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pelo. With Price at Iuka, September 19-20, 1862, it began its long roll of battles, and was highly commended by Brigadier-General Martin and by General Price. Both its colonel, J. F. Dowdell, and its lieutenant-colonel, A. A. Greene, were wounded i it was, was killed at Iuka. In the battle of Corinth, October 3-5, 1862, it lost heavily and its brigade commander, General Martin, was killed. Brigaded under General Moore, the winter of 1862-63 was spent in Mississippi. It took part at Chickasawar Records. Vol. XVII, Part I—(123) Report of Gen. Sterling Price, of battle of Iuka, speaks of regiment as being in Martin's brigade. Says Col. James F. Dowdell and Lieut.-Col. A. A. Greene were wounded, the latter severely. (132-133) GeneralGeneral Martin's report of same engagement speaks in high commendation of the cool gallantry and daring of Col. James F. Dowdell; also of Lieutenant-Colonel Greene, who was severely wounded, and Major Slaton, who acted bravely and nobly. He gives casualtie
I, Part 2—(677, 847) Mentioned by Colonel Prather and Gen. W. T. Martin. (943) In Hagan's brigade, Wheeler's corps, Bragg's ry in engagement at Russellville, December 10th.—From Gen. W. T. Martin's report of the Knoxville, Tenn., campaign. No. 56valry regiment: Vol. XXIII, Part –(277) Mentioned by Gen. W. T. Martin as skirmislling with the enemy, April 21, 1863, on Mibrigade, Martin's division, November 30, 1863. (548) Gen. W. T. Martin's report of engagement near Talbott's Station, Decemborders, Missionary Ridge, November 1st, to report to Gen. Will T. Martin. (891) December 31, 1863, Russell's brigade, Morganeverely. No. 74—(642) April 30, 1864, Morgan's brigade, Martin's division, Wheeler's corps. (650, et seq.) June 30th, undII, Part 2—(943) Capt. M. L. Kirkpatrick, Hagan's brigade, Martin's division, Wheeler's cavalry, July 31, 1863. (960) Augus(453) November 30, 1863, in Gen. John T. Morgan's brigade, Martin's division, Wheeler's cavalry. No.
Col. O. M. Roberts, Confederate Military History, a library of Confederate States Military History: Volume 12.1, Alabama (ed. Clement Anselm Evans), Battles of the Western army in which Albama troops were engaged. (search)
, Jan. 25. Col. Johnson; loss 30 w.—Federal; loss so w. Alabama troops, 4th Cav. Florence, Ala., Jan. 26. Col. Roddey; loss 30 m.—Federal, Col. A. O. Miller; loss 10 w. Alabama troops, Roddey's Cav. Fair Gardens, Tenn., Jan. 27. Gen. Martin; loss 65 k, 100 m.— Federal, total loss 100. Alabama troops, Martin's Cav. Tunnel Hill, Ga., Jan. 28. Gen. Jos. Wheeler; loss 32 w.—Federal; loss 2 w. Alabama troops, Wheeler's Cav. Tunnel Hill, Ga., Jan. 28. Gens. Stewart and HindMartin's Cav. Tunnel Hill, Ga., Jan. 28. Gen. Jos. Wheeler; loss 32 w.—Federal; loss 2 w. Alabama troops, Wheeler's Cav. Tunnel Hill, Ga., Jan. 28. Gens. Stewart and Hindman. Alabama troops, Stewart's and Hindman's Inf. Chickamauga Cr., Ga,, Jan. 30. Gen. Jos. Wheeler.—Federal, total loss 28. Alabama troops, parts of 1st, 3d, 10th Conf. Cav. Sherman's expedition from Vicksburg to Meridian, Miss., Feb. 3 to Mar. 5. Gen. L. Polk; total loss 200.—Federal, Gen. Sherman, 20,000; loss 21 k, 68 w, 81 m. Alabama troops, 17th, 27th, 30th, 31st, 35th, 54th, 55th Inf.; 2d, 4th, 11th, 52d Cav. Champion Hill, Baker's Cr., and Bolton Depot, Miss., Fe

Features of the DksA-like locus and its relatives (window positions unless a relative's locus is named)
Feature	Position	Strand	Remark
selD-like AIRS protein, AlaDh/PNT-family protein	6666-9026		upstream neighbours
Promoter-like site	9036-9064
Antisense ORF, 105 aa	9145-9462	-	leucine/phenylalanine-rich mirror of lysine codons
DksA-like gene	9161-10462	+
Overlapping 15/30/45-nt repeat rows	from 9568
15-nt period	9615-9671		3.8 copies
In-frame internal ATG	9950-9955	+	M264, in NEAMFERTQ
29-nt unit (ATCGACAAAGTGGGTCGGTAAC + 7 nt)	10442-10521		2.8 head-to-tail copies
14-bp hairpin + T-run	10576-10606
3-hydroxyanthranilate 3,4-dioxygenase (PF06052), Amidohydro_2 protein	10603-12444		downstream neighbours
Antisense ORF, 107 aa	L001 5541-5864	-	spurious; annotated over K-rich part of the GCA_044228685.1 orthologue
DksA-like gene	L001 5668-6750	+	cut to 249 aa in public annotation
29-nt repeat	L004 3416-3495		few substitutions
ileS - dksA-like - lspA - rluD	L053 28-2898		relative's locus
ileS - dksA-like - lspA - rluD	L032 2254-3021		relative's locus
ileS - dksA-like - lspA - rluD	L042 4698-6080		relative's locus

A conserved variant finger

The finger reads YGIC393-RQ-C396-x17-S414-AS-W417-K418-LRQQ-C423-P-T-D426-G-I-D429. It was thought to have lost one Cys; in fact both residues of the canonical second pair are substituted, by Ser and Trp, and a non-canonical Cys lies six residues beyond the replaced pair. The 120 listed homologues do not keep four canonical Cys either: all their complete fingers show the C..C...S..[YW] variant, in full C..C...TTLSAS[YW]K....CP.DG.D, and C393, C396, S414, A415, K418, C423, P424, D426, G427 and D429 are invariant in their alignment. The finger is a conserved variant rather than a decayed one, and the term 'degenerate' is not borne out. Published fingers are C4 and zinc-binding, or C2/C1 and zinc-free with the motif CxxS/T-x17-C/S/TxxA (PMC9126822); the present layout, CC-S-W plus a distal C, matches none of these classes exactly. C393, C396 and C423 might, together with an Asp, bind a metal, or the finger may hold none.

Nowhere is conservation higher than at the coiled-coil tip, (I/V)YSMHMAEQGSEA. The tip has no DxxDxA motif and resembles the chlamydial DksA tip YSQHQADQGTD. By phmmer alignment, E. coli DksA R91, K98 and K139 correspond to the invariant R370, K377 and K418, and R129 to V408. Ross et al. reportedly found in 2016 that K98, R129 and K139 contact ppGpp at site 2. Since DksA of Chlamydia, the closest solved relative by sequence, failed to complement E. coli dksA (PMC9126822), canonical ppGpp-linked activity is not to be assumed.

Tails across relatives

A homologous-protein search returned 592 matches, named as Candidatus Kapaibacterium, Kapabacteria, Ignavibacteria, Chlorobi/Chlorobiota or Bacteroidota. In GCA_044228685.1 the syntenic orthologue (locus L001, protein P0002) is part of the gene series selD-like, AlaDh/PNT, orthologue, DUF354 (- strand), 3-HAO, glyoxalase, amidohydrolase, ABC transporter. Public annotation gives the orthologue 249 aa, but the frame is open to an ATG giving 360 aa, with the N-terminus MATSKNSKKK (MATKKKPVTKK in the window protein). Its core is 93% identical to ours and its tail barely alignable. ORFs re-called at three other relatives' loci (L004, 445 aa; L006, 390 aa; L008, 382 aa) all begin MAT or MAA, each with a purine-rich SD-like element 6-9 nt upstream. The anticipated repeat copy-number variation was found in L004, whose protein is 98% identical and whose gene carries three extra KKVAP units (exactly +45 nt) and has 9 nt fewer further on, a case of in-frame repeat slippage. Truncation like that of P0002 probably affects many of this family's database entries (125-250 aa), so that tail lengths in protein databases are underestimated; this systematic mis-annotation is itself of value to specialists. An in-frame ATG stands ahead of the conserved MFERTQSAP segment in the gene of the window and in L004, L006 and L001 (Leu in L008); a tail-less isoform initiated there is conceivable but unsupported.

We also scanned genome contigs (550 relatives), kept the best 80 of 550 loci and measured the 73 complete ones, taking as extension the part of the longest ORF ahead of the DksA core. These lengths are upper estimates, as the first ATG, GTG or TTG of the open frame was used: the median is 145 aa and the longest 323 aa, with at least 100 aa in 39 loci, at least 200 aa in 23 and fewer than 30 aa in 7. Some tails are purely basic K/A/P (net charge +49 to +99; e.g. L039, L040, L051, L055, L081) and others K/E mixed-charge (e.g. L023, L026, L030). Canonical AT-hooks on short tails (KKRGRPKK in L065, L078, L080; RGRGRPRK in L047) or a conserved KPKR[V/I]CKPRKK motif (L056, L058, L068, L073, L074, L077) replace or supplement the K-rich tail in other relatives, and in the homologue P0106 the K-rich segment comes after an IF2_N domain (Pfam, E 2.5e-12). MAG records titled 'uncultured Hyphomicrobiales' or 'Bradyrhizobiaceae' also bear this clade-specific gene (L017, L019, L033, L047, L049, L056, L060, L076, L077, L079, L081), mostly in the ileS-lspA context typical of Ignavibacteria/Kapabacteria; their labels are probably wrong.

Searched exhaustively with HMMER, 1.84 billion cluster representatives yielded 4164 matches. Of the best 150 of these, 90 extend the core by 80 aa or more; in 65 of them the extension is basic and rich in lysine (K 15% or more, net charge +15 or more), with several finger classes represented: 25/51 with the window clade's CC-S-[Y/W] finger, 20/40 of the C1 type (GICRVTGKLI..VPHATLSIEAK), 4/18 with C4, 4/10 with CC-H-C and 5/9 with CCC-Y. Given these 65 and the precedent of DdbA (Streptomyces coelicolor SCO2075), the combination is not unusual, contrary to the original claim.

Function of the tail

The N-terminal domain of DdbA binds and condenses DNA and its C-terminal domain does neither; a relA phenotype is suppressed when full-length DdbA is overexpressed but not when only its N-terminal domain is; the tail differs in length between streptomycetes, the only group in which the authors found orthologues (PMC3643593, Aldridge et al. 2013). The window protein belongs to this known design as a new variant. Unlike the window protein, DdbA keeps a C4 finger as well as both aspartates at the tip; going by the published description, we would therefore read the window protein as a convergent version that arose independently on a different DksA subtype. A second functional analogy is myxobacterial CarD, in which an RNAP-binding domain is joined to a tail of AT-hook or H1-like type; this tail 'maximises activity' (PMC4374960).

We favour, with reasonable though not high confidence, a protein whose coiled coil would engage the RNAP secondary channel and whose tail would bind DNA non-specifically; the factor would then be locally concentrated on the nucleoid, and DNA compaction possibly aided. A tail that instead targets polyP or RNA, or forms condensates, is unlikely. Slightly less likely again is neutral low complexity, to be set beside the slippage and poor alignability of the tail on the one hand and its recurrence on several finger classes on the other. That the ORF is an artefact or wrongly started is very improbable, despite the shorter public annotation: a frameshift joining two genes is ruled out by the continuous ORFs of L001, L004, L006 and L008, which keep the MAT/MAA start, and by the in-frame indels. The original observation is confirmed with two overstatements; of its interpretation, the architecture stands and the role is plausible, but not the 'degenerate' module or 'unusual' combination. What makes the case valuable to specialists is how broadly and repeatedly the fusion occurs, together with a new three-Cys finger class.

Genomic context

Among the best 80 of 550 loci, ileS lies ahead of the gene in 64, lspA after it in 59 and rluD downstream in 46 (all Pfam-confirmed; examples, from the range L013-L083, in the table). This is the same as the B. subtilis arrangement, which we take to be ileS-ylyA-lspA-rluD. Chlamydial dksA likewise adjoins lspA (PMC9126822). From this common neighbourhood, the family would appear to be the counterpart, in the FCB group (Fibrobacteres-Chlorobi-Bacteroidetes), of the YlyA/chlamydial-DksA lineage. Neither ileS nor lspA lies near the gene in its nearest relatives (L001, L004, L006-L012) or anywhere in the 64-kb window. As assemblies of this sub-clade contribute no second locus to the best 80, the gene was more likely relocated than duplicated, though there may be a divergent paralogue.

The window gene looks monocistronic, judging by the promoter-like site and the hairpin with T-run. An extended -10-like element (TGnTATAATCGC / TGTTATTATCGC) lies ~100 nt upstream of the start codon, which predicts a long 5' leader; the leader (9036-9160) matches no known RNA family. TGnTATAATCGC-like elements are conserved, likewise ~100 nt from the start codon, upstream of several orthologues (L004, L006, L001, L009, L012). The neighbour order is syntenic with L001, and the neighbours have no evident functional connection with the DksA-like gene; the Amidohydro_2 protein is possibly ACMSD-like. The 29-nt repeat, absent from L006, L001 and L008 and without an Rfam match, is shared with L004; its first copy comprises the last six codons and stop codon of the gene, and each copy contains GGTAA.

. The Fifty-first was ordered upon its organization, to Tennessee, where at first it was attached to General Forrest's command, and, subsequently, was transferred to the command of General Wheeler, then chief of cavalry. Afterward it fought in Martin's division. It was in constant, active and arduous service, often far in front of the Confederate forces, on the flanks or in the rear of the enemy, or raiding the enemy's territory and destroying his supply trains. It was in daily conflict witost important services for the Democratic party, in which he is prominent, was performed in the exacting campaign of 1892, when he served as chairman of the campaign committee. In recent years he was a member of the law firm of Shelley, Butler & Martin, Washington, D. C., his associates being Gen. M. C. Butler and J. H. G. Martin. Brigadier-General Edward Dorr Tracy was a son of Georgia and an adopted son of Alabama. He was born in Macon, Georgia's beautiful Central City, in the year 1833,